The Maritime History of the Great Lakes
Kingston Spectator (Kingston, ON), April 28, 1836

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p.2 Puffing - It is a common remark that if newspaper puffs could raise a Town into importance, there would be no lack of means, but the truth is, puffing is so much at this time in fashion that they only create distrust. We were rather diverted with the following description of the preparations making for the approaching navigation from our neighbor the Chronicle. It certainly is lively, vivid, and encouraging, but any one who has seen what business is, would suppose the description he gives better adapted for Liverpool, Bristol, or New York, than Kingston on Lake Ontario. However, the prospect of Spring being close at hand, after the last severe Winter, is enough to exhilirate our spirits beyond their usual buoyancy, and perhaps nothing can be more delightful than to behold the beautiful sheet of water near our town again in motion, and the life and bustle caused by the arrival and departure of the Steam Boats.

"Our Waters are navigable, and the different wharves and landing places present an appearance of the most animating bustle, and energetic preparation imaginable. The scene is indeed exciting and delightful. The entire shore is thronged with perons employed on the different boats, each one of whom manages to assume more or less of the swagger, and strives to make his countenance express something of the importance and expectancy which inflate his bosom. The God of languor, if such an one there is, holds for the present no control over that part of the Town, and it is well that a beneficient providence exercises a fostering influence over the busy actors in that scene, else they would, from perpetual agitation and corrosion, become the mere wrecks of their former selves, and require to be laid up for the season. Such scampering and fuming we have not witnessed in many a day. One runs here, another there - one bustles, another storms - Captains, and Clerks, and Stewards, and gentlemen of enterprize, and men of all work, mingle, hurley burley, in delightful confusion, and if the reader wants a simile to assist him in forming an idea of the scene, let him fancy a swarm of bees issuing from their hive, burning with zeal, and raging for improvement."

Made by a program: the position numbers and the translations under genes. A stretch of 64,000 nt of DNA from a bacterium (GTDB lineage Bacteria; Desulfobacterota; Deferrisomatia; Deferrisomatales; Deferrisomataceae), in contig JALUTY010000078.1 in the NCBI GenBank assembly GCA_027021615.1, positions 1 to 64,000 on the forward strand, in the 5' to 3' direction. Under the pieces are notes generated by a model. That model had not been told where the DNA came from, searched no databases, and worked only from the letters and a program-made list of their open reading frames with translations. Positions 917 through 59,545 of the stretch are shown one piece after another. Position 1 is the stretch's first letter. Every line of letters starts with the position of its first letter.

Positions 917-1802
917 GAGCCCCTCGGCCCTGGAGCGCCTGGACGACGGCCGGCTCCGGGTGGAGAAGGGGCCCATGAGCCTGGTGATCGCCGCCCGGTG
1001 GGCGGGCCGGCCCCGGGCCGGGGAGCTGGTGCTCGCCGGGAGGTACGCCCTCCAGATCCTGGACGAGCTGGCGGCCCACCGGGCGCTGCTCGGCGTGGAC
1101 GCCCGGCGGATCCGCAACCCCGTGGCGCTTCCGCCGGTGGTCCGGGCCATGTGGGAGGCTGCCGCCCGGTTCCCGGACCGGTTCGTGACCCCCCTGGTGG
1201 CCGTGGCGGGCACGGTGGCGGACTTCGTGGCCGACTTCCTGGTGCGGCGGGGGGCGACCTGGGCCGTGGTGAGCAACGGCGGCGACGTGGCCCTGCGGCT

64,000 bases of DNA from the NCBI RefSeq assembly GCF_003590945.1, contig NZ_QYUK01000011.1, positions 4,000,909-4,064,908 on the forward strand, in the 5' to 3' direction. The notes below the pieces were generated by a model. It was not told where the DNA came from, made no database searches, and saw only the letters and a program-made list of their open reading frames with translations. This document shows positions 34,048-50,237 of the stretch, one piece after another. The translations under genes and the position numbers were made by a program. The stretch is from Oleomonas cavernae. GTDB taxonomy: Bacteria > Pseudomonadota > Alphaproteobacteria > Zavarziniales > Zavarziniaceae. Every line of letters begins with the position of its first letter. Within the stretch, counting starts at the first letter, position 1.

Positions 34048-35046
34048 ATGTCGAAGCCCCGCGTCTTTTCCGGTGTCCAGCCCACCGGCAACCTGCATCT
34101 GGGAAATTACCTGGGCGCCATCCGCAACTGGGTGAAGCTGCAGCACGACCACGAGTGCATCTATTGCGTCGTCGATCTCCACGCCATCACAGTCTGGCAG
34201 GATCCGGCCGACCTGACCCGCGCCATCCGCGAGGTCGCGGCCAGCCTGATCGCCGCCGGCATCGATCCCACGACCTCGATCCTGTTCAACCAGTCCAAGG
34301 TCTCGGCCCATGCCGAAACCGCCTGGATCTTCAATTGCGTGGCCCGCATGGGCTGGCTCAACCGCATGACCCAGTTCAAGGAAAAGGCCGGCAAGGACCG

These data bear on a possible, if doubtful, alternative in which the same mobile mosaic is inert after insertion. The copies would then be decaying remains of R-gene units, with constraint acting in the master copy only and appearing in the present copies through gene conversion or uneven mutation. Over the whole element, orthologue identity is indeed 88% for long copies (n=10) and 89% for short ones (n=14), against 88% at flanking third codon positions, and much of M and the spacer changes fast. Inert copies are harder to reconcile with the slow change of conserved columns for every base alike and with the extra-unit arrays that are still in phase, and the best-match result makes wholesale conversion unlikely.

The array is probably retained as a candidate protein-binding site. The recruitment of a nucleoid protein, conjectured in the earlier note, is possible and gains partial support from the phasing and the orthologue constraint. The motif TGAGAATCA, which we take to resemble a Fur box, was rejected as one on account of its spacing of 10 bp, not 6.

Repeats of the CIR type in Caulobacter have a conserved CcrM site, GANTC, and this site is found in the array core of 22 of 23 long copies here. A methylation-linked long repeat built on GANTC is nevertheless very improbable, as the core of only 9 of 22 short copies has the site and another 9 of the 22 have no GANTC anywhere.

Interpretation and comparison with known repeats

The Winter still lingers with ice, and the Steam-boats are unable to proceed on their voyages up the Lake, being obstructed by the ice, although they have been down and up. On Saturday last the Traveller landed the members of our Assembly beyond Bath, on the ice, above a mile from the shore; they proceeded on Sunday in the Sir James Kempt.

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April 28, 1836
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Rick Neilson
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Public domain: Copyright has expired according to the applicable Canadian or American laws. No restrictions on use.
Maritime History of the Great Lakes
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Kingston Spectator (Kingston, ON), April 28, 1836